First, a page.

ALL the News about
Mormons, Mormonism
and the LDS Church
Mormon News: All the News about Mormons, Mormonism and the LDS Church
Posted 20 Jun 2001   For week ended June 15, 2001
Most Recent Week
Front Page
Local News
Arts & Entertainment
·New Products
·New Websites
·Mormon Stock Index
Letters to Editor
Continuing Coverage of:
Boston Temple
School Prayer
Julie on MTV
Robert Elmer Kleasen
About Mormon News
News by E-Mail
Weekly Summary
Submitting News
Submitting Press Releases
Volunteer Positions
Bad Link?

News about Mormons, Mormonism,
and the LDS Church

Sent on Mormon-News: 14Jun01

By Kent Larsen

Has Elder Iorg Given it All Away?

KNOXVILLE, TENNESSEE -- Elder Isaac Iorg, serving an LDS mission in East LA, got a birthday present last week. It was the answer to a childhood dream, a present that would allow him to be just like his dad, but no one told him about it for days. He finally discovered the present when his mission president told him several days later. And now, his family awaits his return home June 20th to see what he will do with the present.

Elder Iorg's present was a draft notice -- from the Toronto Blue Jays, the baseball team that his dad played for from 1978 to 1987, and that now employs him as first base coach. Isaac's mission president printed out the draft notice to show him when he gave him the news, but his family still doesn't really know how Isaac reacted.

Isaac was raised playing baseball. As a second baseman for Florida's Dunedin National little league team in 1991, he went to the Little League World Series in Williamsport, Pennsylvania. Later, after the family moved to Knoxville, Tennessee, where his father, Garth, was manager for the Blue Jay's Double-A team, Isaac played baseball in High School, and he was good enough that the Blue Jays wanted him as soon as he graduated, drafting him in 1998.

But instead of following his father, who was drafted at age 18 by the New York Yankees in 1973, Isaac decided to go to college and play at BYU. His freshman year, Isaac hit .400 as the starting shortstop, and then decided to go on a mission.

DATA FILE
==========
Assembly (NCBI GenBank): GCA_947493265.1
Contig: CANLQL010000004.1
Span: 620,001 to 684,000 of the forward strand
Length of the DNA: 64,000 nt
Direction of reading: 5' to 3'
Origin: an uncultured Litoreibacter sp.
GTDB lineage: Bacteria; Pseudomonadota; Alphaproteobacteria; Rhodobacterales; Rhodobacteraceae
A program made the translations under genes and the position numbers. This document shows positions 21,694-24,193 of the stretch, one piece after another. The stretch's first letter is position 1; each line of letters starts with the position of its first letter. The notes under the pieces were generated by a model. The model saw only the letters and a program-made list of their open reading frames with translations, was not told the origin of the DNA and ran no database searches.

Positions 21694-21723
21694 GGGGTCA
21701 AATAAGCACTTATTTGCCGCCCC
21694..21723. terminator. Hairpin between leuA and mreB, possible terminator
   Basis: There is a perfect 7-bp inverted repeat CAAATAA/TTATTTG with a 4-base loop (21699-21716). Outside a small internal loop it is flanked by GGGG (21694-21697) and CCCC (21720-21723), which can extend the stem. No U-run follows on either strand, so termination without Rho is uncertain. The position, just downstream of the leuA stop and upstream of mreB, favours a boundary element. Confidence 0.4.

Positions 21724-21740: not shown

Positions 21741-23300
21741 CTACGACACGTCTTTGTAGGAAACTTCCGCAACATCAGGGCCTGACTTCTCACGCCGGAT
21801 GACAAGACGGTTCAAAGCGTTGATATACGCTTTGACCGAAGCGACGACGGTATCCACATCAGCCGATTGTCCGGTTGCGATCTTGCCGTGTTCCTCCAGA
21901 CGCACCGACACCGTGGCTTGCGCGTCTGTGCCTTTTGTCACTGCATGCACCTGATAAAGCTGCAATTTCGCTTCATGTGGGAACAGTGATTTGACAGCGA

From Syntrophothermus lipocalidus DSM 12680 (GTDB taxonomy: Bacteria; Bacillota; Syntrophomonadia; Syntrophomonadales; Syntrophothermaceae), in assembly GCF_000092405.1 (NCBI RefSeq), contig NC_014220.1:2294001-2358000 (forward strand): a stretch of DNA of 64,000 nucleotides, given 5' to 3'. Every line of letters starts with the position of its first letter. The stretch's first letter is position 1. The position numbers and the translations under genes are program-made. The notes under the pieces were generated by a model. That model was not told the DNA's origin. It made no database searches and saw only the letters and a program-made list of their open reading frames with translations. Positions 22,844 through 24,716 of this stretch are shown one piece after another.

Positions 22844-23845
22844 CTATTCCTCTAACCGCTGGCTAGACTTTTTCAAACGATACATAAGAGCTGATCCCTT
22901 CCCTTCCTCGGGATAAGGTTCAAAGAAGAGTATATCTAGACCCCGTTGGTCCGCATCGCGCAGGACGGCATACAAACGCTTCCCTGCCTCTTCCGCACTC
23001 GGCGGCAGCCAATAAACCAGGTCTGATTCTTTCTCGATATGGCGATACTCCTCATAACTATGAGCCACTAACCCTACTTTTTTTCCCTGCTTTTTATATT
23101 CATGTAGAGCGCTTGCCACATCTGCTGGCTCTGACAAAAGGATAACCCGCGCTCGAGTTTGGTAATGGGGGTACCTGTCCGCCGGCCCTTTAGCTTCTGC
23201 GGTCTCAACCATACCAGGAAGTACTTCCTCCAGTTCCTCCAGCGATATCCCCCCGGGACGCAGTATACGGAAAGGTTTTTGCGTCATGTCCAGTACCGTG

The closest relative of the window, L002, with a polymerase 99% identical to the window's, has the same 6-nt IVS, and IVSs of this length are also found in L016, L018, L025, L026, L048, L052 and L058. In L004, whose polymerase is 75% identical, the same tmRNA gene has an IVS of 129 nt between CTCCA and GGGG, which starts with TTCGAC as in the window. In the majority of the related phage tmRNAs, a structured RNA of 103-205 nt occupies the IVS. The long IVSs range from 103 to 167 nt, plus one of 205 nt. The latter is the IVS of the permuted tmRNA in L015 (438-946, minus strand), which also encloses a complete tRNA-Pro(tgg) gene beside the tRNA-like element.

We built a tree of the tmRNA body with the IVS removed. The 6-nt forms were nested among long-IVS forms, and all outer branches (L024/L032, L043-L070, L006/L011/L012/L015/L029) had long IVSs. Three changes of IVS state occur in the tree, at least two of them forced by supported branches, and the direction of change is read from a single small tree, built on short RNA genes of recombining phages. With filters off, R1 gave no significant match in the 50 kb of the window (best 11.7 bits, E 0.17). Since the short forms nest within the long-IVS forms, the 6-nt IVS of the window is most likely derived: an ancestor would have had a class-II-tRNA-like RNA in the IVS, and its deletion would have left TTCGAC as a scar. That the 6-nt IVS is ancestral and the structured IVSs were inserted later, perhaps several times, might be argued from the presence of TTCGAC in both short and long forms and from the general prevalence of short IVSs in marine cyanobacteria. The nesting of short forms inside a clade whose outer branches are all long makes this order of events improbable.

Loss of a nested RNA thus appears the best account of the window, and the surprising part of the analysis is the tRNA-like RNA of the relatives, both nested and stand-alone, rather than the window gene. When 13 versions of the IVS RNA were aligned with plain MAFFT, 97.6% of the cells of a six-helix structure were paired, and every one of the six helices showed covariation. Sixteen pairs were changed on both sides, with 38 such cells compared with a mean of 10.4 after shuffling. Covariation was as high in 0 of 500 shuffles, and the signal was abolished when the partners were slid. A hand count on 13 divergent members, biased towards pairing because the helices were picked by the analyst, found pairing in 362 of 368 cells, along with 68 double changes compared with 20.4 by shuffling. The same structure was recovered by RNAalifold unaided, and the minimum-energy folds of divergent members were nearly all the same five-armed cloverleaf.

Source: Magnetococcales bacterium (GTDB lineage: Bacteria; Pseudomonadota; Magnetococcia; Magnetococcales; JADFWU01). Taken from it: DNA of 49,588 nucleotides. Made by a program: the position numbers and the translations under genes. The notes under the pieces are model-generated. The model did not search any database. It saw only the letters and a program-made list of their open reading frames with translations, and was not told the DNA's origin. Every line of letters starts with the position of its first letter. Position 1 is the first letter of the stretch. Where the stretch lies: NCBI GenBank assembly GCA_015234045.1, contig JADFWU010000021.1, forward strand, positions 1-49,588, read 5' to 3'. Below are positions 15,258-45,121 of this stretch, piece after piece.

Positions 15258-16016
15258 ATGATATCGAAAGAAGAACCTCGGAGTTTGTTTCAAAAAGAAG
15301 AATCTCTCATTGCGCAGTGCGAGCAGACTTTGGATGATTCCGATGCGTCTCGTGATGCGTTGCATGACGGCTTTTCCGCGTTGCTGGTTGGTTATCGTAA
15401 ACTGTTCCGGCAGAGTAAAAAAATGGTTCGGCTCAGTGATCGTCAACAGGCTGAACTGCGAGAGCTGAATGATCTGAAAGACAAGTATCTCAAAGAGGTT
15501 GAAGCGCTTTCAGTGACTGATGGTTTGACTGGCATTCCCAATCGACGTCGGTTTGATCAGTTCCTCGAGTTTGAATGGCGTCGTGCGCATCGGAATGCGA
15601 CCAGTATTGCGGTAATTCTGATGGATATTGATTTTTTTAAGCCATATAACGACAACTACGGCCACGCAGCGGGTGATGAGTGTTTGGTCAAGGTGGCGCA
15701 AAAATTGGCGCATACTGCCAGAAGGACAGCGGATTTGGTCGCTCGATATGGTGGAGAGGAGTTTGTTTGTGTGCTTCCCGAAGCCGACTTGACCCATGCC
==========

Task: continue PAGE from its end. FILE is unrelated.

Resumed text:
For the past two years, Isaac has served in one of the more poverty-stricken areas of the US, living in East LA at one time in a member's converted garage best known in the mission for the bullet holes in the door. Naturally he took along some baseball equipment, a bat, ball and two gloves, hoping to get in some fun on his preparation days.

But where others, including members of their extended family, see sacrifice in delaying a major league career, Garth sees advantage for his son, "Everybody thinks it's some great sacrifice he's made. Believe me, he's gotten far more out of it than what he even anticipated," his father said. "He's seen another part of life. He's learned Spanish. He's had incredible experiences you can only have if you're out doing that kind of work. It's been mostly pleasant, but a lot of unpleasant things have happened to him. But that's part of doing what you've committed to do. It's not easy doing the right things sometimes. But he's done the right thing."

But what Garth and his wife Patty don't know is what exactly they will get back when Isaac returns home, what changes the mission will have made in their son. "It's like when you have a baby and you're wondering who that baby will be," Patty Iorg said. "Not the sex, or the color of the hair or eyes. You want to know: Who is that little person? That's what I feel like now."

They have carefully read Isaac's letters home, as parents will do, looking for signs of what he thinks and feels and how he is changing on his mission. And he has changed. He has mentioned law school, and he knows that a BYU scholarship awaits him should he decide to go there. Or, Toronto may offer enough money for school expenses in the off-season, attracting him to baseball.

His parents also have evidence that the changes in Isaac have made baseball less important to him than other things. While he did take the baseball equipment with him, he won't be bringing it home. Struck by the poverty around him, Isaac has given the bat, ball and gloves away.

Now, Garth and Patty await his return to see what Isaac will do with his life. His mother has arranged a surprise for his homecoming, June 20th. While Isaac knows that his sister and her husband will fly from their home in Tampa for his arrival, he doesn't know about another family member who will be there unexpectedly. "I told Garth, 'You missed graduation for Eli. There are a few other things you've missed. You will be there when he gets off that plane. You either talk to (manager) Buck (Martinez) or I will,' " Patty said. "So Isaac has no idea Garth will be there.

"My family will be together for the first time in two years. Garth has the field, but my job is my family. When we are all together; that's my reward."


Baseball calls; life beckons
St Petersburg FL Times 13Jun01 S2
By John Romano


[an error occurred while processing this directive]

Copyright 1998, 1999, 2000, 2001 Kent Larsen · Privacy Information